The ébauche (the base movement of a watch before it is assembled and properly finished) of the offered lot was made by Victorin Piguet & Co. of Le Sentier. During the 1920s the company made most of the èbauches for complicated movements, including single button and split seconds chronographs, mainly for prestigious firms like Patek Philippe.
The minute hand of this watch has the unique feature of having three parallel red stripes painted on it. Based on our research, there are a number of possible theories on why these stripes were placed on this hand at Mr. Boeing's request. In all likelihood, these stripes were added in New York by Cartier at the same time the Cartier signature was added to the watch.
Considered that among Mr. Boeing many interests there was also horse racing, scholars have formulated the hypothesis that this watch was intended to assist the owner in this passion of his. After all, horse and car racing are the main reasons that prompted the realization of the split second complication. Furthermore, Patek Philippe is no stranger to the world of horse racing, having realized another unique split second wristwatch reference 1436 (movement no. 862'274) for one of the most successful jockey of the time: Wendall Eads. That timepiece was sold by Christie's New York in December 2012.
- The three stripes could refer to the airline pilot uniforms that were introduced in the early 1930s which had three stripes for first officers
- The red stripes may represent the American flag. The blue steel chronograph hands help to make up the nation's colors
- It is possible that the red stripes represent the Model 40 plane that Boeing built for US mail delivery. Red stripes are a key feature to the plane's top tier. The Boeing Model 40 A first flew on 20 May 1927
- The red stripes could represent Mr. Boeing's interest in nautical racing and yachting. The signal flag for starting a code at sea is a triangular white flag with three red stripes
- Most compelling of the theories is that the red stripes were added to celebrate the connection between Mr. Boeing's first factory, the famous Red Barn (formerly Heath's shipyard in Seattle, Washington). The Red Barn features prominently three red parallel stripes that represented the early branding of his new company
Boeing's perfectionism is paralleled in this unique Patek Philippe single button chronograph, manufactured in 1930. Chronographs were very popular with aviators as they allowed them to make rapid calculations and conduct precise timing. The demand for chronographs grew along with the aviation industry in the early part of the 20th century. The single-button chronograph mechanism remains among the most complex and sophisticated developments of time measurement. Whereas the standard chronograph is activated and reset through two buttons in the band, the single-button chronograph controls all of these functions solely through one button. According to current research, Patek Philippe produced single-button chronograph wristwatches between 1924 and the late 1930s in approximately only thirty examples, the majority encased in the timeless round "Calatrava"-style case like the present timepiece. The rarity and exclusivity of this watch is furthermore underlined by the fact that since production of single button chronographs ceased in the late 1930s, Patek Philippe has never resumed production. Single-button chronographs remain rare today as they are an archaic form within the world of mechanical chronographs. Patek Philippe's accessible work of interactive craftsmanship as well as that of William E. Boeing makes this watch perfectly suited to its original owner.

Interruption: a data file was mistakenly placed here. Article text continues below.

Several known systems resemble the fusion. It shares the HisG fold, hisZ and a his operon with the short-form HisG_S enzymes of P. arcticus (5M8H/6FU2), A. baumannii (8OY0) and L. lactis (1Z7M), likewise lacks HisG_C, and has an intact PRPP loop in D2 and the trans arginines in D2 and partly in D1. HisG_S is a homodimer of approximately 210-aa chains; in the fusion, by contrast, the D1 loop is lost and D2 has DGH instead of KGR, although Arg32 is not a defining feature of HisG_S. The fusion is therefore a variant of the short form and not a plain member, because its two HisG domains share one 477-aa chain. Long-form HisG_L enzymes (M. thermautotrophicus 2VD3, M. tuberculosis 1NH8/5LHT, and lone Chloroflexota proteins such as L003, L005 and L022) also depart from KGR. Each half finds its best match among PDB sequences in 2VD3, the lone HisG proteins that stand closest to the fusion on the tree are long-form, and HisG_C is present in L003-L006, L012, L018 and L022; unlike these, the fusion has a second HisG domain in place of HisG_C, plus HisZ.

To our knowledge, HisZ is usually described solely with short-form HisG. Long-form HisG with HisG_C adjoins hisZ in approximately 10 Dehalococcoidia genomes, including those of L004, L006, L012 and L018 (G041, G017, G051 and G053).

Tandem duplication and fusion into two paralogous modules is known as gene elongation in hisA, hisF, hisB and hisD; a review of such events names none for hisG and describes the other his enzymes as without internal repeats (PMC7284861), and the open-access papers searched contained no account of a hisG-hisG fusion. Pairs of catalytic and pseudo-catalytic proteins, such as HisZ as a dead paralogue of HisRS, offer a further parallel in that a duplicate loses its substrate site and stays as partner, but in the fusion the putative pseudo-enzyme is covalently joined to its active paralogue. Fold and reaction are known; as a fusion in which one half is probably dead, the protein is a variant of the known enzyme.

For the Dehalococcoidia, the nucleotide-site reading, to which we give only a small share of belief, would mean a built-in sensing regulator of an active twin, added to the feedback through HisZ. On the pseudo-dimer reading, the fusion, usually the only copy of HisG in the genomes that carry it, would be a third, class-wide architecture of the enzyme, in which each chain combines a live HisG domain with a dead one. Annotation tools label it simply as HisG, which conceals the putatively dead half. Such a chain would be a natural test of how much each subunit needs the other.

The case of the watch is engraved, 'W.E. BOEING, SEATTLE, WASH.' It was common to put one's name and city on a watch at this time, here pertaining to Boeings triumph in buying Heath's shipyard in Seattle on the Duwamish River, which later became his first airplane factory as well as Boeing becoming incorporated in Seattle in 1917.